(many examples of which already exist in countries), it also raises challenges in relation to
exposure to cyber-bullying and pornography and Internet addiction, which have been the focus
of much media discussion. Perhaps more importantly, the digital trail that children and
adolescents leave is being exploited commercially to target them and influence their behaviour;
this aspect of their lives is largely escaping scrutiny. Furthermore, current European legal
provisions make it difficult or impossible for public health policy-makers to access or use this
rich source of relevant data. Within the period of this strategy, the health sector begin to engage
with this new determinant of well-being in childhood and adolescence and harness new sources
of data and the new media to promote and protect health in innovative ways.

Impact of the previous strategy3

7.    A survey carried out three years after the strategy’s launch showed that application of
high-priority methods such as intersectoral and life-course approaches to child and adolescent
health by national and regional governments and ministries of health was one of its main
strengths. Follow up of the survey in several countries that are renewing the mandates of
national child and adolescent health strategies demonstrates clearly that the principles of the
European strategy are being used in national policy development. Experience with
implementation of action plans, however, shows that in most countries the intention of
implementing intersectoral national policies has not been translated into concrete action and that
national plans have tended to focus on improving access to and the quality of maternal, newborn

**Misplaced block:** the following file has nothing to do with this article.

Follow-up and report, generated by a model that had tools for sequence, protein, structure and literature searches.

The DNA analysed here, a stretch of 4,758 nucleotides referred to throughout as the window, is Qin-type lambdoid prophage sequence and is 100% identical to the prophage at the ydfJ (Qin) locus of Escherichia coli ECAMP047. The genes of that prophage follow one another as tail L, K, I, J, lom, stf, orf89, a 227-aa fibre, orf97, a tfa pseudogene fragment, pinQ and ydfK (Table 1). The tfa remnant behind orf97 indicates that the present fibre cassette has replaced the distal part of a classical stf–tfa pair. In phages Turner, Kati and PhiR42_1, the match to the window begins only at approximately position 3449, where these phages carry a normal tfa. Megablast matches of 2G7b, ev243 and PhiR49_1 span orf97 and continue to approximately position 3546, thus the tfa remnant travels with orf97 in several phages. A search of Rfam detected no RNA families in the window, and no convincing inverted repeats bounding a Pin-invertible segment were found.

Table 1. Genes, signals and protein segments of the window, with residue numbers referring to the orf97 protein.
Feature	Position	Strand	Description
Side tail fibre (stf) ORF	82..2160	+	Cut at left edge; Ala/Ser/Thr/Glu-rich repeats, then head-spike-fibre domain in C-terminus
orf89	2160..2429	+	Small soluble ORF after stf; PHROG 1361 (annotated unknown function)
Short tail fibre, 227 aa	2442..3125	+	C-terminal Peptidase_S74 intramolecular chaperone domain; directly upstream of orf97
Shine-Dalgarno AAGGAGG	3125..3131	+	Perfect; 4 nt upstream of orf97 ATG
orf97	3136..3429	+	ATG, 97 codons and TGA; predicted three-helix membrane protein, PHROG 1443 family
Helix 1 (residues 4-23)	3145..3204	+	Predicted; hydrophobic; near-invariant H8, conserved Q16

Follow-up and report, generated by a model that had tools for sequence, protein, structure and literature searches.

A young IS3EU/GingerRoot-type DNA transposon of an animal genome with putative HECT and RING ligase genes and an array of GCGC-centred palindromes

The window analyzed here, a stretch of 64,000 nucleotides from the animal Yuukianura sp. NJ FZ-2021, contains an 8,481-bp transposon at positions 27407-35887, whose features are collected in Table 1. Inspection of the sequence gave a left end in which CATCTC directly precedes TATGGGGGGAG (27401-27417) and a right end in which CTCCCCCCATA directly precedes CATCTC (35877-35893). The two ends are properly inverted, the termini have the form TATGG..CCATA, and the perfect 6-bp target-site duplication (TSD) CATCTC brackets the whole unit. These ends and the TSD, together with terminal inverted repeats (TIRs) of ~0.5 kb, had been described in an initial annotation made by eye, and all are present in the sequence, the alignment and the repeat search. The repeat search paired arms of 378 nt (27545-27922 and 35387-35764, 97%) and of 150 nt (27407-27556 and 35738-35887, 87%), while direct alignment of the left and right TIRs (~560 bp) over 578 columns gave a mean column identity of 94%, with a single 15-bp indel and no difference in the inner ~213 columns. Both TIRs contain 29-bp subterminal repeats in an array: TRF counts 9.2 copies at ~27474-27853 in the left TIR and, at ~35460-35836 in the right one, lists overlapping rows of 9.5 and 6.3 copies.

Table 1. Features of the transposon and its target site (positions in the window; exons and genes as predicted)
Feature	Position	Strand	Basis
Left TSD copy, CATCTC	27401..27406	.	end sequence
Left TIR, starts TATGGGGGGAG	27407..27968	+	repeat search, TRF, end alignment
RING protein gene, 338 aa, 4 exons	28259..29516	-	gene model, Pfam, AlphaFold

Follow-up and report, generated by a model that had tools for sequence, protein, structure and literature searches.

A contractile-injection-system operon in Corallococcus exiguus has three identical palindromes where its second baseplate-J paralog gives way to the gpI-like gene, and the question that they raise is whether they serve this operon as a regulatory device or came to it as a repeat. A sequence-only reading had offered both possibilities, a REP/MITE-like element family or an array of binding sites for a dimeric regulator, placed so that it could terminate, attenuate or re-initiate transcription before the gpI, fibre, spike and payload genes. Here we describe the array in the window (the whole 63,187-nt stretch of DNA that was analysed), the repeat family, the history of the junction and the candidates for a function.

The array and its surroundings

and child services. Implementation of national action plans has made a direct contribution to
reducing mortality in children under five years, supporting the achievement of MDG 4, but
measures to implement cross-sectoral prevention and health promotion approaches and to meet
the specific needs of adolescents have been very limited.

8.     Most countries have experienced difficulty in identifying national health system budgets
for this age group when developing national child and adolescent health strategies. Several have
reported that the strategy facilitated better overview of expenditure in child and adolescent
health, but that the allocations are mainly for the health sector.

3
  European strategy for child and adolescent health and development: from resolution to action, 2005–
2008. Copenhagen: WHO Regional Office for Europe; 2008 (http://www.euro.who.int/en/health-
topics/Life-stages/child-and-adolescent-health/publications/2008/european-strategy-for-child-and-
adolescent-health-and-development-from-resolution-to-action,-20052008, accessed 24 April 2014).
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9.     The guiding principles (life-course approach, equity, intersectoral action and